OK Go’s Lead Singer Says He and Wife Recovered from Coronavirus, Band Releases New Charity Song
Damian Kulash, of the band OK Go, wrote a heartfelt letter detailing his family’s battle with the coronavirus
OK Go’s lead singer Damian Kulash opened up about his family’s battle with the coronavirus, as well as his band’s decision to write and release a new song.
Kulash wrote a heartfelt letter, posted to the band’s website and Facebook page, reflecting on the current coronavirus pandemic and his personal experience contracting the respiratory illness.
“I caught the coronavirus early, when there were only six known cases in California, all of them hundreds of miles from L.A., where I live,” Kulash, 44, began. “My symptoms lasted forever, but were only genuinely scary for a day and a half. My wife Kristin’s battle was tougher, though.”
The singer goes on to detail how his wife was briefly in the hospital and then later bedridden: “As she convalesced, I struggled to keep up with our 2-year-old twins, and there were times when her breathing was so labored I worried she just wouldn’t wake up.”
Both Kulash and his wife made full recoveries and their children only had symptoms of a “nasty cold,” he wrote. Their experience and subsequent recovery provided Kulash with “a new breed of hope.”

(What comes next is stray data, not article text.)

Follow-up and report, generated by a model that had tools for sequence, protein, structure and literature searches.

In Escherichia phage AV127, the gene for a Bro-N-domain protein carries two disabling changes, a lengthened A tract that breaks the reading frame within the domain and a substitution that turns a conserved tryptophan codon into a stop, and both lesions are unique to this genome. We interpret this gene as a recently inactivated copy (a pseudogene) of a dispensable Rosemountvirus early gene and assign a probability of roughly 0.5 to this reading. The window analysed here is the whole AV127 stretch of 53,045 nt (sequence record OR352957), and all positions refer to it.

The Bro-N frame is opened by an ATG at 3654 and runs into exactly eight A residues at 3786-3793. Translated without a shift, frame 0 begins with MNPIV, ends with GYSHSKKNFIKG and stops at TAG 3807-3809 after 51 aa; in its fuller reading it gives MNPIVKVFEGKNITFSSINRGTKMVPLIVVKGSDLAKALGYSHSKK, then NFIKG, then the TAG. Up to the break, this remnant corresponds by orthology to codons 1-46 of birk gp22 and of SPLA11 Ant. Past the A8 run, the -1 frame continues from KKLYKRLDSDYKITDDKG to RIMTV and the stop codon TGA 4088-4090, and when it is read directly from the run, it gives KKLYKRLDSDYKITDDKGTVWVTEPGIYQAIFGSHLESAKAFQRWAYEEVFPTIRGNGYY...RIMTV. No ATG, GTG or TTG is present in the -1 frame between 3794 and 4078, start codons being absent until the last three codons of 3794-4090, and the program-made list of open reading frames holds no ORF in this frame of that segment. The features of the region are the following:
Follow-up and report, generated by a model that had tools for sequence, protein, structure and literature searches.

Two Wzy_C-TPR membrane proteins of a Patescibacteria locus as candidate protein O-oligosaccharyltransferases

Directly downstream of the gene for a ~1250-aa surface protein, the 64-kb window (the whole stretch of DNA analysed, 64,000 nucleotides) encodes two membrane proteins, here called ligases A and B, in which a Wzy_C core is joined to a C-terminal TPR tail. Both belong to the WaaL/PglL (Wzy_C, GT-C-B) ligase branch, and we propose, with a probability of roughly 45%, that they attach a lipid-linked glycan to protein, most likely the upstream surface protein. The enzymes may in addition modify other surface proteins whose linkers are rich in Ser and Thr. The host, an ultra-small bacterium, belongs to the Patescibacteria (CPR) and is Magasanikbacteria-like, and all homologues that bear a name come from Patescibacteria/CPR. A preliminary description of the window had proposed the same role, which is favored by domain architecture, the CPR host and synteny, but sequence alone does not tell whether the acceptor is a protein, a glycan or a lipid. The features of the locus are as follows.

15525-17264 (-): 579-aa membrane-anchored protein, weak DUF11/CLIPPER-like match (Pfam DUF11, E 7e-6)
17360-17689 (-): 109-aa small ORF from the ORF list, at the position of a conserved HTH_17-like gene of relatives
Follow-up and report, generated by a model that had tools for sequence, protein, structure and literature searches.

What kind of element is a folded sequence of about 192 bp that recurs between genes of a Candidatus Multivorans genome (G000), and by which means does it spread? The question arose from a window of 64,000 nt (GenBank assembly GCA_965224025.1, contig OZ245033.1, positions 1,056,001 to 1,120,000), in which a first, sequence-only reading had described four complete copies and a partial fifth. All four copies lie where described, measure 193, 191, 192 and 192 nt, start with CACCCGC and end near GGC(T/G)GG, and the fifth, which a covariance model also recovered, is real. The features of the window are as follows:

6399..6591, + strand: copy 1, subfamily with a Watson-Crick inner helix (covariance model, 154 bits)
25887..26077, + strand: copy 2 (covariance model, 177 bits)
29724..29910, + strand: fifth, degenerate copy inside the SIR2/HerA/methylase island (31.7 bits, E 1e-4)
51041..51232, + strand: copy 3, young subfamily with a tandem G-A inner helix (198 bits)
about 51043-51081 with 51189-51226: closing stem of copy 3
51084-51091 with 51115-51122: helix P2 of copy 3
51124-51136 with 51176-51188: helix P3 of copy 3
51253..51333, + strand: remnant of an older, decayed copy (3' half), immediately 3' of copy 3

Kulash added that the nightly ritual of cheering for the workers on the frontlines of the pandemic — a tradition neighborhoods around the world have undertaken — has also instilled hope in him.
“We’re telling each other we believe in one another,” Kulash said of the cheering in his own Los Angeles neighborhood. “We’re reassuring ourselves that human goodness is rugged, that our capacity to care for each other is less fragile than our individual bodies, that we can choose compassion for others over the comfort of our routines.”
Inspired by the cheering, OK Go released a new song titled “All Together Now,” written and recorded with each bandmate working separately in their homes. Proceeds from the song will go to a healthcare company, Partners In Health.
“The idea that some good may come from this time of overwhelming tragedy is a light in the dark right now,” Kulash wrote. “We’re not delusional; we don’t think optimism or compassion alone will get us through this tragic pandemic, nor do we think the better angels of our nature are predestined to be victorious. But as we wrestle with anxiety, every drop of hope is precious. We want to nurture it and share it.”
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